Inventory financing can be understood as ‘short-term working capital loan secured against the existing inventories of the company, which is then converted into sales.’ This inventory can then be used as collateral to secure the desired loan. Who uses inventory financing? Primarily seasonal businesses, dealerships, as well as retailers and wholesalers. Such parties tend to use this kind of financing to cover short-term cash flow gaps, prepare and launch a new product, or in general, to increase their sales. However, it’s important to note that banks and lenders finance only a certain portion of the inventory’s appraised value. What does this mean? The liquidation value of the inventory in question is what is used, as against the market value and as appraised by the lender(s).
It stands to reason that when someone applies for such financing, the borrower's credit history and business finances are considered in tandem with the requisite due diligence. For this, factors such as the company’s inventory management system, the value of inventory, loss or damage rate, profit margins, and inventory turnover, among others, are closely looked at.
It’s interesting to note that as per recent data provided by the Electronic Transactions Association, about 51% of small-business owners state that inventory control is their chief reason for borrowing money. It’s evident that inventory loans are one of the many working capital options available if one needs short-term cash to replenish low inventory. So how does inventory financing differ from other types of loans, or for that matter, credit? The answer lies in the fact that inventory financing is designed with a focus on being able to satisfy a range of inventory requirements. So the question that arises here is: what are some of the chief advantages of inventory financing?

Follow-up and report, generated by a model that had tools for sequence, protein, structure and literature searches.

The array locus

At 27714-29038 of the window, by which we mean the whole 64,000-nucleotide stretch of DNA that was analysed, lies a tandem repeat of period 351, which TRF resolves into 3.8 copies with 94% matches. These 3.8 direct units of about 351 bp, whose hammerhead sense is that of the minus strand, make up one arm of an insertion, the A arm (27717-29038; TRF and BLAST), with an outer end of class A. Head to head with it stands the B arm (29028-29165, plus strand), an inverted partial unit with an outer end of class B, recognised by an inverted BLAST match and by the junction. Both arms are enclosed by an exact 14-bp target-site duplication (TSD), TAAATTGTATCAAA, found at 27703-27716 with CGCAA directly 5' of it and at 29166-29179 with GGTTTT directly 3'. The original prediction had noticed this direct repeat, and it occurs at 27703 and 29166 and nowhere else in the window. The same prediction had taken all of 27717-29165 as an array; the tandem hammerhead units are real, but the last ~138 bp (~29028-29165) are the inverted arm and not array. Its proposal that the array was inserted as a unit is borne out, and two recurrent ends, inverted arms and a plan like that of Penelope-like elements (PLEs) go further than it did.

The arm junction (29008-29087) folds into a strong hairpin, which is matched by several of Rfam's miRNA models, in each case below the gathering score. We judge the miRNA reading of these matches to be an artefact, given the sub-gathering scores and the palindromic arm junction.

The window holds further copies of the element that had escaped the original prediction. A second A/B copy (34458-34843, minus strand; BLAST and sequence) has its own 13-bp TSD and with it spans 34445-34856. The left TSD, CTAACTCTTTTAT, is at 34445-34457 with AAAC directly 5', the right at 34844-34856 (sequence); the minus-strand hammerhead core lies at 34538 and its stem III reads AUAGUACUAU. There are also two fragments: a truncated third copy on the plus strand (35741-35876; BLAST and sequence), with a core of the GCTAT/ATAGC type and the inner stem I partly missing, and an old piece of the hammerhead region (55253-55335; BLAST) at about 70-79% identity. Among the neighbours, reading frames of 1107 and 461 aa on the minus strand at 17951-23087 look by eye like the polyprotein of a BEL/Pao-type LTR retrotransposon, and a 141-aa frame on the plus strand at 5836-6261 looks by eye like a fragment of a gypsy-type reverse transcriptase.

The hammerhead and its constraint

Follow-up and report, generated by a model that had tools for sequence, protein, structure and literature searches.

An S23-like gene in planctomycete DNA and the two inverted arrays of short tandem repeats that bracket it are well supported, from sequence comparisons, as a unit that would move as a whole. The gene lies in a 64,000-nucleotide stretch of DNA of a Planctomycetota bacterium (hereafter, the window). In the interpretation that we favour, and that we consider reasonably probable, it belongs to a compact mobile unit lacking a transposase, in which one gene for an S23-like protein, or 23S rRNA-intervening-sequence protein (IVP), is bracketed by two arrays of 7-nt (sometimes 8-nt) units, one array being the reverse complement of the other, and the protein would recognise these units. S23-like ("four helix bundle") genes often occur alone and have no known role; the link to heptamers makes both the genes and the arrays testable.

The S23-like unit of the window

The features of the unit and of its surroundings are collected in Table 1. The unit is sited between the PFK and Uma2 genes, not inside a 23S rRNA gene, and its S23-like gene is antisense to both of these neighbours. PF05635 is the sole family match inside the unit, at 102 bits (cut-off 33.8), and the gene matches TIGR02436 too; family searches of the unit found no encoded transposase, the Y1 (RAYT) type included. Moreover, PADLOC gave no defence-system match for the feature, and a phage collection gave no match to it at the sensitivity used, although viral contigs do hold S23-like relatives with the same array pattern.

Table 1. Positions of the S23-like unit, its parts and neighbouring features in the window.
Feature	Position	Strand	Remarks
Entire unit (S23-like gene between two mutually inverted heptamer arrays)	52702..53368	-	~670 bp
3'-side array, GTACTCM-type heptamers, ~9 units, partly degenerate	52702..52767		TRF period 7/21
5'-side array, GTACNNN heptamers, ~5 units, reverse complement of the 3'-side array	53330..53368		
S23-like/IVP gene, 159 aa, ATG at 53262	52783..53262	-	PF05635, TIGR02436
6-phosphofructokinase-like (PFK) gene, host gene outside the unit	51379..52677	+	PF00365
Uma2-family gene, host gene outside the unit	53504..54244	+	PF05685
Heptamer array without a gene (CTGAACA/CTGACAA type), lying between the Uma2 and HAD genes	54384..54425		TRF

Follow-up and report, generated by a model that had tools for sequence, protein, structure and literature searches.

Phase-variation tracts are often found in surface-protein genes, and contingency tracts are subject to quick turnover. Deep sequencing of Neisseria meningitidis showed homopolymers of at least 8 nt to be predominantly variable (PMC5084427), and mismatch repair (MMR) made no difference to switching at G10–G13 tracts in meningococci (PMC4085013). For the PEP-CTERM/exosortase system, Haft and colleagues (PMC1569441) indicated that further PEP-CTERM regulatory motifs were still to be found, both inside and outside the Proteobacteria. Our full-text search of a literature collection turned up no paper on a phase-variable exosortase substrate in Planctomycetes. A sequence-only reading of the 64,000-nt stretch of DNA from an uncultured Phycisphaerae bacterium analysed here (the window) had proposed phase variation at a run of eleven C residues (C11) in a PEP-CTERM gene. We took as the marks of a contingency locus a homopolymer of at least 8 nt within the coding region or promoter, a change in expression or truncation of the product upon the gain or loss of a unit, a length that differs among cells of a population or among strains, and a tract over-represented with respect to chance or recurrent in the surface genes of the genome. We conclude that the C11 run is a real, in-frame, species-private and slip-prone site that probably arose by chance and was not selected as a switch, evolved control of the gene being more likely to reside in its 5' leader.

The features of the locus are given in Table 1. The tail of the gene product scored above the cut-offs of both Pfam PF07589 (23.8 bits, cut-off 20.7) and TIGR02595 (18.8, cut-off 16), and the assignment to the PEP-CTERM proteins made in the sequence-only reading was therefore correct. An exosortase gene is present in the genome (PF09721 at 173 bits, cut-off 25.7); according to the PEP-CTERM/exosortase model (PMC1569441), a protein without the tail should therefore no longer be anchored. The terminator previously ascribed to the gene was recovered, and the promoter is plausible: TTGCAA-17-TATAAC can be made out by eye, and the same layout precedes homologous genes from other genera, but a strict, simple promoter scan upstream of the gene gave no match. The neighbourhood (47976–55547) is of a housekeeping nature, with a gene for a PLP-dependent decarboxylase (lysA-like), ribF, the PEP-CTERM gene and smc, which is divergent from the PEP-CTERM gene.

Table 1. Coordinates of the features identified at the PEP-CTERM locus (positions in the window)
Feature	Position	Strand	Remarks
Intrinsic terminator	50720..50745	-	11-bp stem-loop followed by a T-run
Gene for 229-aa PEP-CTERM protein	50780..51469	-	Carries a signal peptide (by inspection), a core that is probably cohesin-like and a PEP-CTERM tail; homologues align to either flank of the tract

Along with the advantages as described above, accessibility to inventory financing is expected to become far easier and less time-consuming thanks to newer technologies and financing platforms. Companies are now coming up with financing platforms with technologies that can automate processes while reducing the amount of documentation needed. This, in turn, reduces the processing time for disbursing the funds.
Now, even though inventory finance is usually provided as a loan or an advance against assets that remain on the borrower’s balance sheet, in certain instances, a ‘true-sale’ may occur, and the inventory could be taken off the balance sheet of the initial inventory owner. In the case of such an arrangement, the financier gets into a sale and repurchase – or repo – agreement, for the goods that are being financed. In more rare instances that involve true-sale, there may not be a repo, but a more general necessity to retire the funding. Furthermore, another model for receiving inventory finance could involve something called ‘Floor Plan Finance.’ In such a model, the stock that is depleted is given to the distributor by a manufacturer and then financed by a finance provider. It should be noted that when it comes to inventory financing through a true-sale, it usually managed by Specialized Entities which, in turn, have to recognize the said inventory into its own balance sheet.
It is against this background that initiatives such as Supply@ME, to cite an example, are considered disruptive – through initiatives like this, corporates can receive money and obtain asset derecognition meanwhile funders can manage their credit lines, gaining attractive returns thanks to investing to this new low-risk asset class.
It suffices to say that for now, that there are indeed many perks to inventory financing; companies are now realizing that it’s time they started stocking up on them for boosting their businesses’ profitability.